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Do Chickens Eat Snails and is it Safe?

When chickens free-range, they’re constantly grazing and looking for morsels of natural food. Chickens will eat some weird and wonderful things and some things which they find will get them much more excited than others.

Chickens are omnivores which means they eat a mix of both plant-based food and live food. Creepy crawlies are some of their absolute favourites, especially worms, slugs and even larger animals such as mice or frogs, but does this list also include snails?

In short, chickens do enjoy eating snails which they unearth as they’re grazing. Snails are protein-rich and generally safe for chickens to eat providing they’re wormed and there’s no chance the snail has been near slug pellets or poison.

Read on to find out more about how chickens eat snails when they’re inside a shell, where and when they can find them, along with tips on avoiding potential dangers involved with chickens eat live snails.

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How Chickens get Snails Out of the Shell

One of my absolute favourite things about keeping chickens is watching them graze, they’re like eating machines and they put so much effort into scratching for the best possible food morsels.

Where we live there are lots of snails around in the warmer months so these are one of the main delicacies which our hens go hunting for. If one chicken finds a snail, she quickly runs away with it to make sure none of the others steals her prize, although the others usually spot it and go chasing after her.

The snail is usually hidden deep within the shell, so to get it out the chicken will start to drop it on a hard surface and smash at it with their beak to break the shell apart. This smashing action exposes the snail inside, which they’ll quickly eat.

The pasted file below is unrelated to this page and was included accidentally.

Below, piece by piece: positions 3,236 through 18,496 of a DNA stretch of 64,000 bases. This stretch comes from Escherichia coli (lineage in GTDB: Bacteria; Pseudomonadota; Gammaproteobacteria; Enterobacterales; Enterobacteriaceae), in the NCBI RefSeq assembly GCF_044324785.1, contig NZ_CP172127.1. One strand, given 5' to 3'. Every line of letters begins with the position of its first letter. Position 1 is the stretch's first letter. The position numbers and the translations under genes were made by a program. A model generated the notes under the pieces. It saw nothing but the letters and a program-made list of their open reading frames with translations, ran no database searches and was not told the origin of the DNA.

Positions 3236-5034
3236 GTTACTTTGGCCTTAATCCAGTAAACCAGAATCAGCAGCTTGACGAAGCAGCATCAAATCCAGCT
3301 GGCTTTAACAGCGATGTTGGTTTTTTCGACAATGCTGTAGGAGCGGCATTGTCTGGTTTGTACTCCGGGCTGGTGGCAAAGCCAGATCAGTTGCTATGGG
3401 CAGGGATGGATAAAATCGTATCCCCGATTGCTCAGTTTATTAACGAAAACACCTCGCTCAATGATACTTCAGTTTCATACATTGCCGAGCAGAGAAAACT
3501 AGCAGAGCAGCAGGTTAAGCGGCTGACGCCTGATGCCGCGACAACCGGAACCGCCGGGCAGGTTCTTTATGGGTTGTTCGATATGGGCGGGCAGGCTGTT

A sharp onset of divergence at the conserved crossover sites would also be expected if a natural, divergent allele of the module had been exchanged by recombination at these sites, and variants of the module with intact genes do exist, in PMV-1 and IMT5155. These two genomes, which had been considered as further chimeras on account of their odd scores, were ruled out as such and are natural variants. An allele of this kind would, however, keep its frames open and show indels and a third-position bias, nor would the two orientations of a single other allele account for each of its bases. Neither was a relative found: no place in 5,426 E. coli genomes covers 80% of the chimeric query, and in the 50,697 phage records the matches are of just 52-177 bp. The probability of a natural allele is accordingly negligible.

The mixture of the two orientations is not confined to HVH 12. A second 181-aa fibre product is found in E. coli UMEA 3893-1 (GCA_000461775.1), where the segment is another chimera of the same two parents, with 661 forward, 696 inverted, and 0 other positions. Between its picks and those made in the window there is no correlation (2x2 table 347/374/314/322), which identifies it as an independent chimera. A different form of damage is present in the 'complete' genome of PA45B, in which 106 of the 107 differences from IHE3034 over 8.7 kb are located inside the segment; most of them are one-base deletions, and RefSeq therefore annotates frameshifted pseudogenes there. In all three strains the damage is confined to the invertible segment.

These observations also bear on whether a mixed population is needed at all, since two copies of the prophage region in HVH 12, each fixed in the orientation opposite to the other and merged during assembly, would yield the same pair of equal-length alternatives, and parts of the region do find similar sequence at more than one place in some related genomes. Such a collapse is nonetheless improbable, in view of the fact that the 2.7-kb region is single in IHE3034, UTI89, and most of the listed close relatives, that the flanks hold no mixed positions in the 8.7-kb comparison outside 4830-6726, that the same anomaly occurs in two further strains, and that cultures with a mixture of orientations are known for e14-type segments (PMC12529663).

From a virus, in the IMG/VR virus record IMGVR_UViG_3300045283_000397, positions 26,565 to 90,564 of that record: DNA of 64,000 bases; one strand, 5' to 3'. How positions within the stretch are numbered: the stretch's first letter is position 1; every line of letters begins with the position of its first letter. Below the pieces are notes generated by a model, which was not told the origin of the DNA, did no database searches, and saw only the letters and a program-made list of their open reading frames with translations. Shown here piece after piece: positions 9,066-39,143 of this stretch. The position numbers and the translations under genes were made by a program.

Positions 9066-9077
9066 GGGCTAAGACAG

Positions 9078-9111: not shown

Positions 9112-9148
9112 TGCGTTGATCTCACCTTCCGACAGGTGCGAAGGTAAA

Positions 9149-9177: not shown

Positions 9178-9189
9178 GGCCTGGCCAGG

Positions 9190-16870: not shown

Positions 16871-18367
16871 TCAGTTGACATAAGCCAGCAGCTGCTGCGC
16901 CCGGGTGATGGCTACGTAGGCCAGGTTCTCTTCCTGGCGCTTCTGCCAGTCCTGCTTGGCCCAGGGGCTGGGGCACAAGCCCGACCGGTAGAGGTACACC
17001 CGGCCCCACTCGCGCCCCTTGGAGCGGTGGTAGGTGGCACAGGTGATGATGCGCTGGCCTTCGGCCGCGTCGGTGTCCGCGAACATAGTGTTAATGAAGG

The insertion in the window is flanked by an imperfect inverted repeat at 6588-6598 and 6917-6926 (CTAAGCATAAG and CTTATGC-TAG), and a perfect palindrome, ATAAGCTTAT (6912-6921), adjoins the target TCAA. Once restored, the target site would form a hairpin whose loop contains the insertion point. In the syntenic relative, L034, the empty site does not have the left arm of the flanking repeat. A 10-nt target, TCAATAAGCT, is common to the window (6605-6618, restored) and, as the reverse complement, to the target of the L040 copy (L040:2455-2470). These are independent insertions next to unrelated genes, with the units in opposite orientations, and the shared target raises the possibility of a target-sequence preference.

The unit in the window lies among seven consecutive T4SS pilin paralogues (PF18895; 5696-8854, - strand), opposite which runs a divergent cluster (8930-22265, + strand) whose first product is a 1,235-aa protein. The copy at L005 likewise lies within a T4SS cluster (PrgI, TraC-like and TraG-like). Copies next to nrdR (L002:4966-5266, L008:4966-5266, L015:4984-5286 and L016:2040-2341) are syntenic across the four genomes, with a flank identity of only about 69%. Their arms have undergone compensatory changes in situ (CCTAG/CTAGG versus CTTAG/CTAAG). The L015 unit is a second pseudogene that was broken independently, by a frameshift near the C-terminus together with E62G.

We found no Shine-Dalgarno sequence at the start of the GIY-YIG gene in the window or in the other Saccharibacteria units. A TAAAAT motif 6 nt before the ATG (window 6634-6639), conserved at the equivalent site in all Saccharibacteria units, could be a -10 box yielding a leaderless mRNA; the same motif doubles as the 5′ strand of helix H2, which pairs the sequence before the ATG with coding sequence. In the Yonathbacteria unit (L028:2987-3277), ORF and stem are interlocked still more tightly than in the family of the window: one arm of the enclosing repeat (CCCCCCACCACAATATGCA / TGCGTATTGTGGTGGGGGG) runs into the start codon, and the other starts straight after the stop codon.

I’ve even seen them taking snails to the same flat stone, which they use as an anvil to smash the snails up, this is a similar method used by wild birds such as blackbirds and thrushes.

It can sometimes be a battle of the pecking order so in some cases the finder of the snail might not get to eat it because it gets stolen by a hen who is higher up the pecking order.

Where do Chickens Find Snails?

Depending on where in the world you live, snails can be more common in some areas than others. They like damp places where there’s plenty of vegetation around to feed on and will hide away during the colder months.

Their love of munching through vegetation makes them one of the top garden pests for many gardeners and vegetable growers.

Snails generally come out at night when there are fewer predators around and because it’s generally easier for them to move around in damper, cooler conditions.

Snail grazing on damp moss

During the day, snails will normally stay hidden, but once chickens get a taste for them they’ll get to know their hiding places and pick them out.

Common places where we see chickens finding snails are between rocks in a stone wall, under leaf litter and under hedgerows and bushes. Chickens have powerful feet which can scratch and unearth snails which are hiding at ground level.

It’s not just snails which they find in this way, they’ll also eat slugs, worms and other insects which they unearth as they come across them.

Is it Ok For Chickens to Eat Snails?

It’s generally pretty safe for chickens to eat snails, but there are a few things to be aware of if your chickens regularly graze for snails, slugs and worms.

Other than snails, consider other foods in this list your chicken can eat.

Using Slug and Snail Poison/Pellets When You Keep Chickens